You can wait of course, but this could be the longest weekend if your life. :frowning:

Revise your rules to make sure that guests know what areas they have access to.

There must be a nice way of saying it, maybe other hosts with shared homes can give some ideas.


#7

Oh God. Some people just don’t get it do they? My space is self-contained and attached to our family house. Guests are allowed to use the pool. One man from Belgium went to check the pool out and then asked ‘Do you have any pool loungers that float in the pool?’
‘No, sorry.’
'What are we meant to do in the pool then?'
Really? He wants me to tell him what to do in the pool!
I refrained from answering. ‘Swim, you moron.’ I just smiled and shrugged.


#8

Will I am not offering my pool in the Miami listing because 1. not heated and yes even in Miami it is too cold to swim.and I have a lot of repairs to my screen enclosure and would rather wait to offer it.

If I were to offer it pool noodles and what pool loungers I have…your guest is expecting a hotel ughhh!!! type of thing.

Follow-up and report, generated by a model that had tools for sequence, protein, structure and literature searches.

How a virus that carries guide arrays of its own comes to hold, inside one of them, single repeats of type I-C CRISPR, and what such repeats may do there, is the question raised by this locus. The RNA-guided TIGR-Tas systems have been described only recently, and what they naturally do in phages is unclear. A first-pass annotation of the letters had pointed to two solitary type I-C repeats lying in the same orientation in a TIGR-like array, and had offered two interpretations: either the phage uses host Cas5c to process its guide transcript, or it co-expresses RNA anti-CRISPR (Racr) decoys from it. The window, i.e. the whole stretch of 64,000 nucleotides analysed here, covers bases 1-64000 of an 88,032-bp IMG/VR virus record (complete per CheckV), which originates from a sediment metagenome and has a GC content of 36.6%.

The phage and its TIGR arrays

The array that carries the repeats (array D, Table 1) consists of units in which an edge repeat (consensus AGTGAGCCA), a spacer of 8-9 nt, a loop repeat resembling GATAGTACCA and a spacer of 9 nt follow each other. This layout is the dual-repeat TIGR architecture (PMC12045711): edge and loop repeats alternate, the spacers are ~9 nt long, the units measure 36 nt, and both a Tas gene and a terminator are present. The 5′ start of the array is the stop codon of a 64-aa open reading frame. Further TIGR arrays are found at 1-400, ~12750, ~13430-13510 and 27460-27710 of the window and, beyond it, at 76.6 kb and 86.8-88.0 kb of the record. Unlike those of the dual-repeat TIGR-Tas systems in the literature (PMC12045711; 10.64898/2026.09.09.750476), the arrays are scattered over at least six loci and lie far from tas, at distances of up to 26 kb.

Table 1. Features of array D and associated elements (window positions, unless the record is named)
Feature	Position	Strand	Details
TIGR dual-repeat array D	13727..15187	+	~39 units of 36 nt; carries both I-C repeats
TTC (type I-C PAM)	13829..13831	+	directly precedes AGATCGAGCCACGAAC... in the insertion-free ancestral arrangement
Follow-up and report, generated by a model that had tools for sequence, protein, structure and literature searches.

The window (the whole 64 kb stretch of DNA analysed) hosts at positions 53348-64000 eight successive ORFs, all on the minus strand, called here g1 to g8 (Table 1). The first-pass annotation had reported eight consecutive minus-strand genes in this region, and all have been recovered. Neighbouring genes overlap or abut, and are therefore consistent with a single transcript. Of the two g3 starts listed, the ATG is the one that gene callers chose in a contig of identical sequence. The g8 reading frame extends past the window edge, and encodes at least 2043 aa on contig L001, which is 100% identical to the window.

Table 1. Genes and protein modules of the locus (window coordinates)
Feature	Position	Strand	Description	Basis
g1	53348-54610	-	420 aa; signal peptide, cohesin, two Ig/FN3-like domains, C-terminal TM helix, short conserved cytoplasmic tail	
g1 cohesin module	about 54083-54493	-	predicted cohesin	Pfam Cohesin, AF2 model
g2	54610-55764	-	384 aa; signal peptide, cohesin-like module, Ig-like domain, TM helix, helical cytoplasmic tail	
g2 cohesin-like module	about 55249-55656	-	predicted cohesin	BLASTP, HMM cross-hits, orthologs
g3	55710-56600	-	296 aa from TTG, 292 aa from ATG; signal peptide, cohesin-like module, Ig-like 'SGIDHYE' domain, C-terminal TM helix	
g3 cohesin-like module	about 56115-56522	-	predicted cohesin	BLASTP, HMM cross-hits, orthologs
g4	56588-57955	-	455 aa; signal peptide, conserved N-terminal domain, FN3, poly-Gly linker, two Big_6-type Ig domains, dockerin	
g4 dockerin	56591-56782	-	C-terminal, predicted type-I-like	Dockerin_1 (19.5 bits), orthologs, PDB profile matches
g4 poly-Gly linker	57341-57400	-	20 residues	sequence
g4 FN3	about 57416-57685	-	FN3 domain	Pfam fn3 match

#9

Carmen, for Canadian and people coming from North it’s deffinitely not cod to swim. In 80F :). They swim in the ocean where it’s even colder than pool.
My friend has a pool house that she rents out when they are not here. Only guests from US inquire if the pool is heated.


#10

Oh man…There is no excuse for this guest’s behavior. You don’t go through someone’s office looking for a cup to swallow vitamins. And what ever happened to improvising? He can cup water in his own hands. That’s how I rinse out my mouth after brushing my teeth…sheesh!


#11

Rummaging around in your office?
Does it look like a kitchen?
Very very suspicious behavior.
You may want to out a sign on the door that reads private - do not go in here!
:smiley:


#12

When it gets to this point,… ask yourself is it worth doing AirBnB at all?!